Home Island Cash Ducey speaks of disdain for new school tax, promises a quick fix

Ducey speaks of disdain for new school tax, promises a quick fix


(AP Photo / Ross D. Franklin, Pool, File)

PHOENIX – A new voter-approved tax on high-income Arizona residents that will increase education spending is firmly in the sights of Gov. Doug Ducey, with the Republican promising on Friday to see the proposed new tax 208 overturned either by the courts or by the legislature controlled by the GOP.

Ducey told the Valley Partnership group of companies that he was advising people who asked him questions about the new 3.5% surtax on the income of the rich to wait to transfer their investments to other states because the Payments on the current tax won’t be due until April 2022. Meanwhile, he’s working to kill the measure, and he’s laid out his two-pronged strategy to get there.

Business groups and the GOP-led legislature are challenging the new tax, and Ducey noted that the state’s Supreme Court accelerated that effort by accepting the case before it could be fully heard in court. of first instance. Ducey filed a court friend brief urging the court to act, and he will be heard on April 20. Ducey appointed the majority of the judges.

If that effort fails, Ducey said he is working with House and Senate leaders to find ways to neutralize the new tax, which he says will make the state’s tax code uncompetitive.

“Prop 208 has pledged extra dollars for K-12 education. I had no problem with that, ”said Ducey. “But what he also did was lower our top tax rate from 4.5% to 8%. This is an increase of 77%. With whom I have real problems.

There are several avenues the legislature could take, but the one that eliminates about a third of the estimated $ 827 million per year in new revenue has already been passed by the Senate. This measure, by GOP Sen. JD Mesnard, creates a new section of the tax code only for small businesses, setting the maximum tax rate at 4.5% but avoiding the new surcharge of 3.5%.

Arizona small business income is currently taxed on personal income tax returns. New tax voters approved in November impose a 3.5% tax surtax on income over $ 250,000 for individuals or over $ 500,000 for couples. Opponents backed by the Arizona Chamber of Commerce and Industry spent millions trying to persuade voters it would hurt small businesses.

Supporters have said the effect of the tax is on homeowners’ income, but Mesnard argued at a committee hearing in February that the introduction of the new small business tax is fair.

“I obviously heard regularly during the campaigns that the surtax was not aimed at small businesses, would not have an impact on small businesses,” he told the Senate finance committee. “In many ways, it only codifies that sentiment. “

Democratic Senator Martin Quezada said during a Senate debate that Mesnard’s plan was “a direct attack on the will of the voters.”

“This is another reason voters don’t trust us,” Quezada said. “They are working hard to collect signatures, put a measure on the ballot that will solve a problem that we have failed to solve ourselves as lawmakers. They pass a proposal and we’ll do something like that.

Other ways to make the new tax less painful for the rich are contained in a state budget proposal currently being negotiated where GOP lawmakers are considering a massive tax code overhaul, at Ducey’s request. Its January budget proposal contains a tax cut of $ 200 million a year that would drop to $ 600 million in three years. But with an estimated budget surplus of over $ 1 billion, Republicans in the Senate and House are looking well beyond that figure.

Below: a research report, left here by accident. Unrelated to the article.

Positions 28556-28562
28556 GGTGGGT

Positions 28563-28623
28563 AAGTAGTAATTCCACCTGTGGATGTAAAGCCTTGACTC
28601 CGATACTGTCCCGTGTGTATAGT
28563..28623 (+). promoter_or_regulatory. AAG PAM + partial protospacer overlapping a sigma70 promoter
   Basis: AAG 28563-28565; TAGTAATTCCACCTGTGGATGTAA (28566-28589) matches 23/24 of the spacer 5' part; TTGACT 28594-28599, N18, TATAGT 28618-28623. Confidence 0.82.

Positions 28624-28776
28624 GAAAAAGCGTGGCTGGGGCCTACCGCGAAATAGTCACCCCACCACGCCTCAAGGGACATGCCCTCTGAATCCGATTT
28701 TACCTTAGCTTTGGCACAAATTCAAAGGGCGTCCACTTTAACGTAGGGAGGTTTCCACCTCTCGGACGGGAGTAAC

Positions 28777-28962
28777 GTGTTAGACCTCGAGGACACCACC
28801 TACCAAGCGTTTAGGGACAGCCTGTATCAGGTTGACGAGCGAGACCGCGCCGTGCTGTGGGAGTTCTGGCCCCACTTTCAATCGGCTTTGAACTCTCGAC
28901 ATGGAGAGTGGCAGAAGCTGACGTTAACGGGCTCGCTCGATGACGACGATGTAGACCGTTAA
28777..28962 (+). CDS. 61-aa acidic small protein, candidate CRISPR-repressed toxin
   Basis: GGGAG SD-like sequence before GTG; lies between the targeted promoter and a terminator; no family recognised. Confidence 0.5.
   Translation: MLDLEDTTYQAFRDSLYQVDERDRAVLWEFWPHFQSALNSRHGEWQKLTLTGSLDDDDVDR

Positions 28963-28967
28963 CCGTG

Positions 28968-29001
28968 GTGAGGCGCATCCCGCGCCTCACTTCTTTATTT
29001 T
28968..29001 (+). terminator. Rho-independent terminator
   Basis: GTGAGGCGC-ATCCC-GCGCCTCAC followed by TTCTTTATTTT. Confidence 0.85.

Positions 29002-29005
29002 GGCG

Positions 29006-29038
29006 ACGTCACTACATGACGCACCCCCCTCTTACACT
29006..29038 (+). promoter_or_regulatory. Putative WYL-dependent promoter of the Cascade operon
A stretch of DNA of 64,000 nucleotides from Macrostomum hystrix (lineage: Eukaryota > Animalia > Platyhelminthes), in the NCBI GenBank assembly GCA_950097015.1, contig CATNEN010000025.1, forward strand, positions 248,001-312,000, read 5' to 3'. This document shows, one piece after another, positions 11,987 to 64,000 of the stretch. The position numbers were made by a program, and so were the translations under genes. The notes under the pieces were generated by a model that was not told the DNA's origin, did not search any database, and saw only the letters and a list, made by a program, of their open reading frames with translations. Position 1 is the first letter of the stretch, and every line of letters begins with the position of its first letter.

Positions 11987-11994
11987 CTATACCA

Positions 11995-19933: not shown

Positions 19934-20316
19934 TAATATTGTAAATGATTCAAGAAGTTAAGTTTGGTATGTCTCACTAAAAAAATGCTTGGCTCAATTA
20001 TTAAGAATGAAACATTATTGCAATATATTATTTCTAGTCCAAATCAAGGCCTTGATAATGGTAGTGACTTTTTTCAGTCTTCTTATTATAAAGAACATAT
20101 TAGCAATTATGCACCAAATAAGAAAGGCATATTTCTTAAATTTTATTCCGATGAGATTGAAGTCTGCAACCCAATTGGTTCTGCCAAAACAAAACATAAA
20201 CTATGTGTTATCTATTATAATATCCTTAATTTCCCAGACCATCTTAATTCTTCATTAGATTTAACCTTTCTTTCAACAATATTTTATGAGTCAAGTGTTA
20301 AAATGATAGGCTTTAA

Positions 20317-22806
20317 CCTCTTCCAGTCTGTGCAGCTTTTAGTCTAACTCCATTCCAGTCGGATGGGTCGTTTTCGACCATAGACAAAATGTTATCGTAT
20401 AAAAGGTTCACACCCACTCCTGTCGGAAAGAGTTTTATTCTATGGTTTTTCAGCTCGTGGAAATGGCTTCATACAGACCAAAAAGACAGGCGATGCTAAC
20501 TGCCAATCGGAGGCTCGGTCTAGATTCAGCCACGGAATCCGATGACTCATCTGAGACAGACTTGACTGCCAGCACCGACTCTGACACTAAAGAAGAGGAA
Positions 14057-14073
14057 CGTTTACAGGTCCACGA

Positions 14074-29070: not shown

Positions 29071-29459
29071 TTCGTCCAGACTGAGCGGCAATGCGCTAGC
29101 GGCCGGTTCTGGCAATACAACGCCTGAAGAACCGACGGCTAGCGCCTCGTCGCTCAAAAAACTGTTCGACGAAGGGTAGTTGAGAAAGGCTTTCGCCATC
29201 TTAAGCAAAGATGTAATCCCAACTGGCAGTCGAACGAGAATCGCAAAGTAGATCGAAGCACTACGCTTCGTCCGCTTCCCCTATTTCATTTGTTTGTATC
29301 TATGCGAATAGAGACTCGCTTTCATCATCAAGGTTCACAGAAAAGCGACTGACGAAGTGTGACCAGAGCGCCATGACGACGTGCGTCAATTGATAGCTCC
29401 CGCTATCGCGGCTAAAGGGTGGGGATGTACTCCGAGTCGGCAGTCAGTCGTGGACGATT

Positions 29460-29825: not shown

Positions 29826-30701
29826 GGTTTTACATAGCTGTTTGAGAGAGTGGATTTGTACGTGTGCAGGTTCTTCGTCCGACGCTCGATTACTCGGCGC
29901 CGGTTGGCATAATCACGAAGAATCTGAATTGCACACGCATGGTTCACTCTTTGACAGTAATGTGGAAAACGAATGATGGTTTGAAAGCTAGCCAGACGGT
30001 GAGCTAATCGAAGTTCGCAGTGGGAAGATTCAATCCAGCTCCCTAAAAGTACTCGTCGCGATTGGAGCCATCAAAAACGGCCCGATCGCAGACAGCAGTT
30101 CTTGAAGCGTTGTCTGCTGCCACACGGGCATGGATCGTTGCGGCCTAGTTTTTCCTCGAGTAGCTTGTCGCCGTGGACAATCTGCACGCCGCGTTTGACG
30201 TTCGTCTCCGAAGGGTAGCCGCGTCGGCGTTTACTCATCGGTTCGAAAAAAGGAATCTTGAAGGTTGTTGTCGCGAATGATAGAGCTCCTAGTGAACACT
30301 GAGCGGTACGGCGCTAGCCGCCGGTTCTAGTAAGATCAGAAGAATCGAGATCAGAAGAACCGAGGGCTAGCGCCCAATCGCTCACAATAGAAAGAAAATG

Republican Representative Ben Toma is leading efforts in the House to overhaul the tax code. His proposal eliminates the current progressive tax brackets and replaces them with a 2.5% flat-rate tax on all income levels. Under the current progressive tax structure, taxes start at 2.59% on the first $ 26,500 of income and increase to a maximum of 4.5% on income over $ 159,000.

The flat tax proposal means the rich would see the biggest cuts. Toma said there was also talk of capping the maximum tax with the 208 Proposition surtax at 5% and using the general fund to make up the difference in the special fund created by the new initiative.

Half of the new tax on the rich will be used to increase graduate teachers, 25% to increase the salaries of cafeteria workers, bus drivers and other support staff, and the rest for teacher training. , vocational education and other initiatives.

The initiative was a consequence of a 2018 teachers’ strike that highlighted low salaries for educators and a slow rebound from budget cuts enacted during the Great Recession. The walkout resulted in higher salaries for teachers, but many education interest groups said it was insufficient. A grassroots group was then organized to pass the initiative.

Ducey said in the Valley Partnership online meeting on Friday that he respects the initiative process and the will of the voters, then explained the reasons he gutted the measure. And he said he supported more money for K-12 schools even as he struggled to eliminate the new tax.

“I think there is a way to fix this or have the dollars available for K-12 education and keep our state competitive. One way is judicial, the other way is legislative, ”he declared. “And you should see some resolution on this and some clarity around this issue over the next few months. But it will be this session.

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